• Normal sinus P waves (ie, upright P waves in lead II) are not seen. There may be 1:1 retrograde activity (RED arrows in ECG #1) — but if these sharper-than-expected deflections do reflect retrograde atrial activity — the RP’ interval would be relatively long (occurring well within the ST segment). RP’ intervals occurring well within the ST segment are too long to be consistent with AVNRT — but could be consistent with anterograde AVRT (since it takes more time for retrograde conduction over an accessory pathway that lies further away, because it is outside of the AV node).
  • The QRS complex is narrow (ie, clearly not more than half a large box in duration in any of the 12 leads in ECG #1).
  • The 3 Rs: The ventricular rhythm is extremely Regular — the Rate is ~210/minute — and although no sinus P waves are present, P waves could be Related” to neighboring QRS complexes by 1:1 retrograde = VA conduction.
CONCLUSION: The patient is hemodynamically stable. The rhythm in ECG #1 is a regular SVT (SupraVentricular Tachycardia) at ~210/minute without clear sign of sinus P waves. As mentioned, there may be 1:1 retrograde atrial conduction — but it is difficult to be certain about this from ECG #1. As per Dr. Meyers — the principal differential diagnosis of a regular SVT without clear sign of sinus P waves includes: i) Sinus Tachycardiaii) Reentry SVT (either AVNRT if the reentry circuit is contained within the normal AV nodal pathway — or AVRT if an accessory pathway is involved)iii) Atrial Tachycardiaor iv) Atrial Flutter.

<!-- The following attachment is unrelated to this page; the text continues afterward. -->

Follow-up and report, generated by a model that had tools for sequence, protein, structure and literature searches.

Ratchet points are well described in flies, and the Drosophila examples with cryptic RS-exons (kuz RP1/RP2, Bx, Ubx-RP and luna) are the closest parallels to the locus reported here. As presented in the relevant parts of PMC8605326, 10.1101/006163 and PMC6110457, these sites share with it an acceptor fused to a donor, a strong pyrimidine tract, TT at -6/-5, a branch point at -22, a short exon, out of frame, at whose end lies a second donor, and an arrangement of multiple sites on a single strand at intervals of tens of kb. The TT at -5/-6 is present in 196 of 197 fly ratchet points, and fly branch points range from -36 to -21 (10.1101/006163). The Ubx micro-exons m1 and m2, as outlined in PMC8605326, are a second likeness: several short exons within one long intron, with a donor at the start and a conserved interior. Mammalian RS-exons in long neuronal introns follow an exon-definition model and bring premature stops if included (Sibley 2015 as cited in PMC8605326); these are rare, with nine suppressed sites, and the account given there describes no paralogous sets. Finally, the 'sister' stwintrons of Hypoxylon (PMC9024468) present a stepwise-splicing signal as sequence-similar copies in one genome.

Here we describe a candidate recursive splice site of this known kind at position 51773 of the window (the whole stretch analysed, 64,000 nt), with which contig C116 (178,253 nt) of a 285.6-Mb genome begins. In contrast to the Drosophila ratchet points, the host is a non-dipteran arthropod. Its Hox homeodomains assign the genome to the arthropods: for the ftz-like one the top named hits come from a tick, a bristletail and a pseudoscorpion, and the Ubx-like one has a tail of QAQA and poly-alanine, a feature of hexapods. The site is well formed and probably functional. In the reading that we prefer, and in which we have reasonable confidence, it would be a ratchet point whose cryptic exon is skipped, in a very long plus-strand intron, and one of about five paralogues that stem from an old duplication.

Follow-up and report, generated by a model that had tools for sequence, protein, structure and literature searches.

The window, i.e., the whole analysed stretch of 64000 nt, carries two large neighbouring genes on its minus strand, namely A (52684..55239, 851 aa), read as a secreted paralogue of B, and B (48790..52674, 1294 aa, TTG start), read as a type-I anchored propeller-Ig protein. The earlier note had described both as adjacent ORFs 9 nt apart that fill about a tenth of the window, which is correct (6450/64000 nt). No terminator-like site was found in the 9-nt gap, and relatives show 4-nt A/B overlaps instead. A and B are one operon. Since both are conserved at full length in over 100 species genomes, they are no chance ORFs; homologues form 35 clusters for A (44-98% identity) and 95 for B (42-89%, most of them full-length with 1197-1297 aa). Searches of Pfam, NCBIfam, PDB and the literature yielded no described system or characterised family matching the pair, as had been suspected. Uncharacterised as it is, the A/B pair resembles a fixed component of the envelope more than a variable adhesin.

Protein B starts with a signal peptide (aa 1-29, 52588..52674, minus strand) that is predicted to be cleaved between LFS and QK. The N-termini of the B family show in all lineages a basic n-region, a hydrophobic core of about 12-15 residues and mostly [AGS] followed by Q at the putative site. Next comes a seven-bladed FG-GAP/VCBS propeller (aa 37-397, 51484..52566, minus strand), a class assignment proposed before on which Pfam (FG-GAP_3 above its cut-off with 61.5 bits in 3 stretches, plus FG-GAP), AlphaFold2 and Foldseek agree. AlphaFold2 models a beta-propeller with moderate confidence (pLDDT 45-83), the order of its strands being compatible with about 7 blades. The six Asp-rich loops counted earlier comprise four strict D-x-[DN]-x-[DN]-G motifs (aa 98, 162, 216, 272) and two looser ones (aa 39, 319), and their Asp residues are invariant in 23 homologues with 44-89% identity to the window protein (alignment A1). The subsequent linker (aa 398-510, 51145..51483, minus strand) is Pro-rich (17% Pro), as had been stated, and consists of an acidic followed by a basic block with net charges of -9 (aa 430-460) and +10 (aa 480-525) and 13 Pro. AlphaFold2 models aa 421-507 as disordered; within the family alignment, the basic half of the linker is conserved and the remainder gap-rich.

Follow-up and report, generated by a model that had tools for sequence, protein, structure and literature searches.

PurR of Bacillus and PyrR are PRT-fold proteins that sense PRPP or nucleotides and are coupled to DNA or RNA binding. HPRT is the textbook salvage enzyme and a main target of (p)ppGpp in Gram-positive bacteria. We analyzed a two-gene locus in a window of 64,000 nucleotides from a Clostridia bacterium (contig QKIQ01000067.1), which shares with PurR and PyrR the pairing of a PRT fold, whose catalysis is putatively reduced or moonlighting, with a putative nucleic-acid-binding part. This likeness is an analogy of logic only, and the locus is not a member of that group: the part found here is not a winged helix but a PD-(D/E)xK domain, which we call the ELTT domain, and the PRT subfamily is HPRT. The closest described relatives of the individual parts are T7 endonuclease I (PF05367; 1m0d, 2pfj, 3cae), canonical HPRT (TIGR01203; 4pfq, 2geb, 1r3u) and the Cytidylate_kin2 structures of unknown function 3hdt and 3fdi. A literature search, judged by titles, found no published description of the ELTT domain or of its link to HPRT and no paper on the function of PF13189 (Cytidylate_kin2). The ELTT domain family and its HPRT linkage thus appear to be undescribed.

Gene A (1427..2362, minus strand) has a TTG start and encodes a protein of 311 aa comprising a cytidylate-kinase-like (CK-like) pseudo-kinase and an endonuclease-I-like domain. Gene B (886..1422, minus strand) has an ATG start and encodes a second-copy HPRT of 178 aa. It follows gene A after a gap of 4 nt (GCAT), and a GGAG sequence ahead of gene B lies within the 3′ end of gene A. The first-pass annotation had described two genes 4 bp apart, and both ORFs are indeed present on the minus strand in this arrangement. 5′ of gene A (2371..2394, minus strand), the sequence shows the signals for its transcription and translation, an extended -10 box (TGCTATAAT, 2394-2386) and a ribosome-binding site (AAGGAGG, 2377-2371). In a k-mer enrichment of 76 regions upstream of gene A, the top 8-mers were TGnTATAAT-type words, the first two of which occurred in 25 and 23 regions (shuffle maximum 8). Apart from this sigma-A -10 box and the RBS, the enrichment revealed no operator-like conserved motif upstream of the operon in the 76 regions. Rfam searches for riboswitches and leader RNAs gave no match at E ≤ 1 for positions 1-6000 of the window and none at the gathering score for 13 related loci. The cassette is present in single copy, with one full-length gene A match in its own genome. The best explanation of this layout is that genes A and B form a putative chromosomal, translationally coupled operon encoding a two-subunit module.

NOTE: It is worth spending a moment on how we determined the heart Rate — since accurate estimation of rate can sometimes be extremely helpful in determining which of the above diagnostic considerations is the most likely cause of a regular SVT rhythm.
  • When the rhythm is fast and regular — the Every-Other-Beat Method allows rapid and accurate rate estimation. Find a QRS complex that begins on a heavy line. We chose the 2nd beat in lead I (See the 1st vertical RED line under this beat in lead I of ECG #1).
  • The amount of time (ie, the R-R interval) that it takes to record 2 beats (BLUE numbers in lead II) is just under 3 large boxes (RED numbers in lead I). Therefore — HALF the rate is a little faster than 300/3 ~105/minute.
  • The actual rate for the rhythm in ECG #1 is therefore ~105 X 2 = 210/minute.
  • CLICK HERE if interested in brief video review of this Every-Other-Beat Method.

How Heart Rate Helps in SVT Diagnosis: